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Thanks to everyone for the tips.

 

What worked pretty well for me was:

 

Drill the set of closely spaced holes using the dremel with drill press accessory:

post-26957-0-03063500-1484685178.jpg

 

Finish the cuts with the x-acto knife (no rolling cutter to try yet) 

post-26957-0-78448300-1484685188.jpg

 

Use the drum sander attachment n the dremel to get closer fit

post-26957-0-99883800-1484685198.jpg

 

and finish sanding by hand.

 

I tried to use the jeweller's saw again but couldn't get good clamping on my desk and found it quicker to do the drilling technique.

 

Thanks again,

Doug

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The parts look to be 1/16 to an 1/8th thick.  I'd go to the nearest big box store (i.e Home Depot or Lowe's) and by the equivalent thickness in Poplar. You can always stain it whatever color you want.  Poplar is inexpensive and comes pre-cut in 1/16 and 1/8th " thick plus many other thicknesses.

Tom

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From your photos - the wood that you have is open pore and

would probably be brittle from when it is seasoned.

Scaled down the opening would probably swallow a forearm.

It is not a type of wood that is appropriate for scale modeling.

 

Tom is right on.  You have to cut it out anyway, use a closed grain ,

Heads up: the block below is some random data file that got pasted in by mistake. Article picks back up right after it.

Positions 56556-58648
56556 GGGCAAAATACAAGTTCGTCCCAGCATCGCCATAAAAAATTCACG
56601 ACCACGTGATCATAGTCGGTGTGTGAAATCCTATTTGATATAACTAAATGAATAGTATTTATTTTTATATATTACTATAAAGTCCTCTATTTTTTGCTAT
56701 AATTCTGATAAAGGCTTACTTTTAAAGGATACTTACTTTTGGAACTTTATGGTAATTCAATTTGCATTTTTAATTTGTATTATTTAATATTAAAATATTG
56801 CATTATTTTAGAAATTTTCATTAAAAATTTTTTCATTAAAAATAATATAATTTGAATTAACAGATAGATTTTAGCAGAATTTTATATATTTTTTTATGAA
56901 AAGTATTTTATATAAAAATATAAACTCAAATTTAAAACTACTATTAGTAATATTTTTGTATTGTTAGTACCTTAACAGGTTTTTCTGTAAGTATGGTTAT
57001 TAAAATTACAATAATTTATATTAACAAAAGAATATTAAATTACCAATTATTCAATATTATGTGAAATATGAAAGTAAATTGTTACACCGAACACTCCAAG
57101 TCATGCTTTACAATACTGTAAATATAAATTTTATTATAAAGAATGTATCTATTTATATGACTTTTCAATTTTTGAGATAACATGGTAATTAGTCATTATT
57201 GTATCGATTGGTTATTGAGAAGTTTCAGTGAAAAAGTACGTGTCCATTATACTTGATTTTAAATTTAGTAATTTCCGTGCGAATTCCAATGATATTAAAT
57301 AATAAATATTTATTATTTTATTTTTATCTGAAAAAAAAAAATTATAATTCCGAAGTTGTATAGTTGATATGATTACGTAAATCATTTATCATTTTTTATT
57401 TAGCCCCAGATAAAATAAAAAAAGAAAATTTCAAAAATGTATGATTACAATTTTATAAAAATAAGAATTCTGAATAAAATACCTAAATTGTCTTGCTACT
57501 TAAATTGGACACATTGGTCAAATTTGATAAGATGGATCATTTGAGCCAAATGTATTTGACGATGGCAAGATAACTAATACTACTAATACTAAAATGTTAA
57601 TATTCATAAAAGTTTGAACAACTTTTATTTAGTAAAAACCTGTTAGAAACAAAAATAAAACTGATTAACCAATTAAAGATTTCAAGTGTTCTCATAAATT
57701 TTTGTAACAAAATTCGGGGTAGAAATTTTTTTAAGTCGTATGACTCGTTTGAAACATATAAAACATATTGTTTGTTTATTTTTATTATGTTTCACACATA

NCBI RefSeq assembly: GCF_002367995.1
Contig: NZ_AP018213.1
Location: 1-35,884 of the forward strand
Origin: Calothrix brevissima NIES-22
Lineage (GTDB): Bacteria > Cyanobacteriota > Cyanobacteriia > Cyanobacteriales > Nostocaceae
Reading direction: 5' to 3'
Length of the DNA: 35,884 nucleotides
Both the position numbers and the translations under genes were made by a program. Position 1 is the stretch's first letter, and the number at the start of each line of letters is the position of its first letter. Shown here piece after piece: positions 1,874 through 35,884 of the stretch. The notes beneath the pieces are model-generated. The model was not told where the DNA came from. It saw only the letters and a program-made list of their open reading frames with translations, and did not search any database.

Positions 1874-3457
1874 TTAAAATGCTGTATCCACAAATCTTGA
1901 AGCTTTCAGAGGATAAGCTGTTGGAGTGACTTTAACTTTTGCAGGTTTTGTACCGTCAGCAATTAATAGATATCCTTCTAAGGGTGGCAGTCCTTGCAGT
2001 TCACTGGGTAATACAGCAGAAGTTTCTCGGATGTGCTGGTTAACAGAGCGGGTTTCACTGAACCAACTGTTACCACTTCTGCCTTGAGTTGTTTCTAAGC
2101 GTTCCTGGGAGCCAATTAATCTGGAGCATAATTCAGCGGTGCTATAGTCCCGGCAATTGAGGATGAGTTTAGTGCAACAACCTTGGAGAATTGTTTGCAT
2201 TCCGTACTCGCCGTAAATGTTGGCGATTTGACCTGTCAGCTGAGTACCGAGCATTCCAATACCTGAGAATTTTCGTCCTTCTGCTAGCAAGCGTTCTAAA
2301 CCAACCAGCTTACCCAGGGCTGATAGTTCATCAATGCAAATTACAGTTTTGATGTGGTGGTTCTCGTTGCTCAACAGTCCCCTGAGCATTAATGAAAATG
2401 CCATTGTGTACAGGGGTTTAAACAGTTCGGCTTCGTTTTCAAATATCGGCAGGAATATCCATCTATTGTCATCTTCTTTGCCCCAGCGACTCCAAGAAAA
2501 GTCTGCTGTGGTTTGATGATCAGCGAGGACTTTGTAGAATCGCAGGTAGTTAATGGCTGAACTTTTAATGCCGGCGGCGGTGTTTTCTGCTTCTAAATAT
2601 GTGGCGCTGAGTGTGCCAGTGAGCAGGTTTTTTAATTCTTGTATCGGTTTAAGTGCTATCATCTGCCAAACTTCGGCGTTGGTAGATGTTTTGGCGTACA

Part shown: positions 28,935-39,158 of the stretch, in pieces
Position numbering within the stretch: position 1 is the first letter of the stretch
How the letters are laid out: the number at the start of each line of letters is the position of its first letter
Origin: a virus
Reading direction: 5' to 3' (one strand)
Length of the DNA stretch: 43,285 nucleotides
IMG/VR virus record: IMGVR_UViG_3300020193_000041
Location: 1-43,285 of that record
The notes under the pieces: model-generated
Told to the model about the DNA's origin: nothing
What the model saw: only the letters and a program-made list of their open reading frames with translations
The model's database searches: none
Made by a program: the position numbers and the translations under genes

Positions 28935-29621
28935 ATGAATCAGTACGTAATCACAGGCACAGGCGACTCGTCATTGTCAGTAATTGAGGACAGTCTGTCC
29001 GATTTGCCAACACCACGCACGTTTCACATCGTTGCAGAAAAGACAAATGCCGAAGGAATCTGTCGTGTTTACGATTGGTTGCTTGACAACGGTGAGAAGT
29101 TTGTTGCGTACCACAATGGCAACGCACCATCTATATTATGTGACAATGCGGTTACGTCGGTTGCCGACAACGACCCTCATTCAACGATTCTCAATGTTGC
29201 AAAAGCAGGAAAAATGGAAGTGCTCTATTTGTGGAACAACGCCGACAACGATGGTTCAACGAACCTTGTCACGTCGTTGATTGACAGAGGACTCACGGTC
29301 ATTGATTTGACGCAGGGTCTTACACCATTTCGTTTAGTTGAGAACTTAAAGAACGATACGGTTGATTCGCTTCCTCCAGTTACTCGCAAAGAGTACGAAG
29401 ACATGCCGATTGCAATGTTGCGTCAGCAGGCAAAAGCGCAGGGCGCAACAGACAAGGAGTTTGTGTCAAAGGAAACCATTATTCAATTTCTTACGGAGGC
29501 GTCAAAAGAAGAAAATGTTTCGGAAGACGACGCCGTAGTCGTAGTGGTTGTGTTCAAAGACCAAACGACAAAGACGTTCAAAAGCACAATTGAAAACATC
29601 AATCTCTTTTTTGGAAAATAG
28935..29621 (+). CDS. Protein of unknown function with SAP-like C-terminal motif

tight grained species.  Poplar is good, and you are in Maple country,

I would think that there should be shops for wood craftsmen in your area.

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Tom and Jaager,

 

The same wood was used for planking the hull as well as all the deck furniture, rail caps and so on.  I presumed it was mahogany but I don't really know anything about different woods yet.  The material is somewhat tough but brittle - it is bendable though.  The kit is an old Billing Boats kit for the Krabbenkutter.

 

At this point are you suggesting I ditch all the wood and remake all the pieces?  (The planking is 1/2 done.)

 

Doug

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post-26957-0-68436400-1484699986.jpg

 

...

 

Scaled down the opening would probably swallow a forearm.

It is not a type of wood that is appropriate for scale modeling.

 

 

If the hole you're mentioning is the one in this photo I'd point out that that is just a scrap of cherry I was using to cut on.  The kit piece is the one labelled 14

 

Doug

 

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When cutting curved stock always cut so your knife runs away from the grain,never into it. Make several cuts not just one. You can back the piece with masking tape.Sand the same way ,away from the grain. Any rotary sander should also rotate away from the grain.not into it. Cut out your piece fairly roughly before you begin. If the waste side is thin it has room to move away rather than cracking. If all else fails trace out new parts to match the grain. I used to build balsa models as a kid and learned to cut out round wing tips and control surface edges like these.